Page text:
Airbnb's Host Clubs don't solely exist to enlist in local regulatory campaigns. But in the past, the company's public policy team has been heavily involved in their operations, and will be in the future.
Airbnb launched its Host Clubs in 2016, in part to help with local campaigns against regulatory clampdowns. Now, it is seeking to expand these clubs.
The company is hiring a Community Growth & Experience Lead to hone the growth strategy of its 640 Host Clubs around the world, which currently count around 300,000 members. Skift learned of the initiative through an Airbnb job posting. Airbnb removed the job posting on Friday because it received many applications and is beginning the interview process.
“In this role, you will work closely with and report to the Director of Community Management, and work across the Community Connection, Marketing, Geos and Policy teams,” the posting said.
Airbnb announced the launch of Home Sharing Clubs at a press conference in 2015, and Reuters reported at the time that the goal of the clubs was to organize hosts to help “head off regulatory crackdowns.”
No Shortage of Regulatory Crackdowns
There is no shortage of regulatory crackdowns against Airbnb and other short-term rental providers these days. And the new community growth & experience lead would work with Airbnb’s public policy team, among other business units.
For example, Dallas is trying to block short-term rentals in neighborhoods with single-family homes, but on Wednesday a judge temporarily blocked implementation of that law.
New York City’s new host registration law, which allows for rentals only when hosts are present during a stay of fewer than 30 days, has driven listings underground, and led to rising hotel rates, according to some reports. An Airbnb-commissioned survey released Friday found that 18% of travelers who responded would be less likely to visit the city because of the new rules.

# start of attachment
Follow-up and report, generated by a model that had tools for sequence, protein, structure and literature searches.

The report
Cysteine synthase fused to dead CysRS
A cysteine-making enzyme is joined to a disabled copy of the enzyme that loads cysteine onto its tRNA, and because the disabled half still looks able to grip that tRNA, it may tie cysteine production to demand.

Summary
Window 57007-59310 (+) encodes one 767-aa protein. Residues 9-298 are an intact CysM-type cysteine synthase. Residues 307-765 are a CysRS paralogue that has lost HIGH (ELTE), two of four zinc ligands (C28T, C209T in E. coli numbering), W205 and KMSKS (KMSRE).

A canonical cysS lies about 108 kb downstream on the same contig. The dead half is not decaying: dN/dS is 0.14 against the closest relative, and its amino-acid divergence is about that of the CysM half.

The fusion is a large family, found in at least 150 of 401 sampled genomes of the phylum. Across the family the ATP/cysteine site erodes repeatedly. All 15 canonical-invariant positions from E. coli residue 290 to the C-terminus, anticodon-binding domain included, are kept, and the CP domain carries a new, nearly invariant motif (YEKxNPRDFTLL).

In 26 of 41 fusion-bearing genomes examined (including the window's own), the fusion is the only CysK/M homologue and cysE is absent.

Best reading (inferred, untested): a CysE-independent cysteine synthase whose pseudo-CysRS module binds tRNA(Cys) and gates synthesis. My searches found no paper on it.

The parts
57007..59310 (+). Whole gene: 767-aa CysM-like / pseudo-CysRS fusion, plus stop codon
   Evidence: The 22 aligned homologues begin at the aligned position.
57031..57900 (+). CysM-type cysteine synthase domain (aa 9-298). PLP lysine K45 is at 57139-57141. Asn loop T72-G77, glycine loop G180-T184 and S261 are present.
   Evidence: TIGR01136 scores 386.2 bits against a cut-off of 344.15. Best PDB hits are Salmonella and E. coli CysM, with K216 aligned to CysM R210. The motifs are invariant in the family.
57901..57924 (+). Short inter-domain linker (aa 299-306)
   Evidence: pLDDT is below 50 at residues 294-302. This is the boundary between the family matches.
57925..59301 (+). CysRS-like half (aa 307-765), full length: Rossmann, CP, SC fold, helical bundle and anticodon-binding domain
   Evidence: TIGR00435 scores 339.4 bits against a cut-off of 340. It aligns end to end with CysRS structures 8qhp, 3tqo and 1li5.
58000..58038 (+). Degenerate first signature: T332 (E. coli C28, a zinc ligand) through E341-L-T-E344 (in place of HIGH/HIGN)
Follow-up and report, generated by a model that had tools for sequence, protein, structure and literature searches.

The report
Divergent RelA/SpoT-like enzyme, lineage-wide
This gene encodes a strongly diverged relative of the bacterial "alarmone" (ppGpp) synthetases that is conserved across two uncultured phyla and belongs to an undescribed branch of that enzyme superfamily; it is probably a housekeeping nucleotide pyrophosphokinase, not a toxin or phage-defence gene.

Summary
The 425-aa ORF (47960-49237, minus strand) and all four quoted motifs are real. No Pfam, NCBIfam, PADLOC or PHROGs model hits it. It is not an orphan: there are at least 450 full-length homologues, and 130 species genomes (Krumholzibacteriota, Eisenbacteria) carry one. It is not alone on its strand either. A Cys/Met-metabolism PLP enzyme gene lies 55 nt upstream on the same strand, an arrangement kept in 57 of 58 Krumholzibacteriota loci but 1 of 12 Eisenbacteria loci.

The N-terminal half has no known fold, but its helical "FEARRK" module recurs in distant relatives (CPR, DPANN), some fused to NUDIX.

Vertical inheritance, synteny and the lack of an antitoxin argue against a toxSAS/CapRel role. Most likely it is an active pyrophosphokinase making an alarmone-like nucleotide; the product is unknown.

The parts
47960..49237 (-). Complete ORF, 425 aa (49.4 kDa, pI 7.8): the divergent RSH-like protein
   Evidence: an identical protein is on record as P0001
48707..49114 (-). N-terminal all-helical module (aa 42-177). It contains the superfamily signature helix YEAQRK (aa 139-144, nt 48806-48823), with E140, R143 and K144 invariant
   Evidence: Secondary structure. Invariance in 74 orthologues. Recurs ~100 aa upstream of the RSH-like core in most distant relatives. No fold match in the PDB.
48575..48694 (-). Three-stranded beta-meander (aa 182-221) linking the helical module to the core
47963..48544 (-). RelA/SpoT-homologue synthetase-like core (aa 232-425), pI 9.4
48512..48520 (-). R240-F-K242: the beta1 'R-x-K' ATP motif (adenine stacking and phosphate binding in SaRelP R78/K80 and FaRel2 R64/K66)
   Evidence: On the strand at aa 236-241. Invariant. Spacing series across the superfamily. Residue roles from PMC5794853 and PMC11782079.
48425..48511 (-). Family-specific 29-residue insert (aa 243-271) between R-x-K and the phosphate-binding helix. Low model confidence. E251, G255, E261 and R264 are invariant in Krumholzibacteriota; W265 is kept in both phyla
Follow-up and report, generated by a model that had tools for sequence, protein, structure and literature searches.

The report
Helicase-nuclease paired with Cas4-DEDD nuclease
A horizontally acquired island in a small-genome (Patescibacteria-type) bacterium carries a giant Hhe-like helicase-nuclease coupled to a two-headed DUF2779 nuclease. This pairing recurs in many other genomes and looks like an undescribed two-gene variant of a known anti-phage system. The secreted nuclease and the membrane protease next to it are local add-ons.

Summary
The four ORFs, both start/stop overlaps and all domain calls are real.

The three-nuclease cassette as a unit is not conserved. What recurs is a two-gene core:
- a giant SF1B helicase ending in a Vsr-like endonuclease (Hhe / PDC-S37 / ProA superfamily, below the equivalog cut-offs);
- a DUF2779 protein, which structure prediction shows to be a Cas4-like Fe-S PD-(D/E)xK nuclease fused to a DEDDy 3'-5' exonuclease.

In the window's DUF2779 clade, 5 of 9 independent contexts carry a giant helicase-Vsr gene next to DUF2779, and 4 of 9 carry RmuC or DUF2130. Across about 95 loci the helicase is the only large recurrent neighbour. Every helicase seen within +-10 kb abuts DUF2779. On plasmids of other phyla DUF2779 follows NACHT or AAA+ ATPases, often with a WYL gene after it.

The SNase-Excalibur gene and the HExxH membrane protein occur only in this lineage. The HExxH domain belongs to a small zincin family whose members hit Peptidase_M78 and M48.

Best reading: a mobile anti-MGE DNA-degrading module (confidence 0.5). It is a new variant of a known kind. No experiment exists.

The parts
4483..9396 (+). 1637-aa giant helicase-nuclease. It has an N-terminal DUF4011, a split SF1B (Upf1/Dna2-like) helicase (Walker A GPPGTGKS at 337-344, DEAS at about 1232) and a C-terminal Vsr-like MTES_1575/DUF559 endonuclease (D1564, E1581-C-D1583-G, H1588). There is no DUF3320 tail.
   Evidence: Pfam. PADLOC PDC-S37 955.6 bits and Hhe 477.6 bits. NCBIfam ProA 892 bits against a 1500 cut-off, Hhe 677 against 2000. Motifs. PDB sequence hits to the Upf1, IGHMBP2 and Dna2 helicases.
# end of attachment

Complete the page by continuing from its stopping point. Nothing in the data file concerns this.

Club Members Will Get Involved in Local Causes
Airbnb.com says the purpose of Host Clubs is for members to learn from “top hosts,” get “insider access” to Airbnb news and give feedback to the company, and “collaborate with your community and local organizations to positively impact tourism and important causes in your area.”
The 300,000 club members, according to Airbnb’s tally, are a relatively small subset of Airbnb’s more than 4 million hosts.
The clubs seemed somewhat independent in their early days, but Airbnb has dropped that narrative a couple of years ago. For the formation of the new club in Amsterdam in December 2016, for example, Airbnb stated: “We are excited to see what they will plan in the near future. The club is part of an exciting worldwide movement and it’s great to see its commencement in Amsterdam.”
A 2021 University of Manchester report said: “Home Sharing Clubs are associations of selected Airbnb landlords who are resourced, mobilized and coordinated by Airbnb public policy teams to advocate for favorable regulation.”
Airbnb didn’t provide a comment about the job posting or potential expansion of the Host Clubs.
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Photo credit: Airbnb aims to expand its Host Clubs, which number ed around 640 globally in late 2023. Source: Airbnb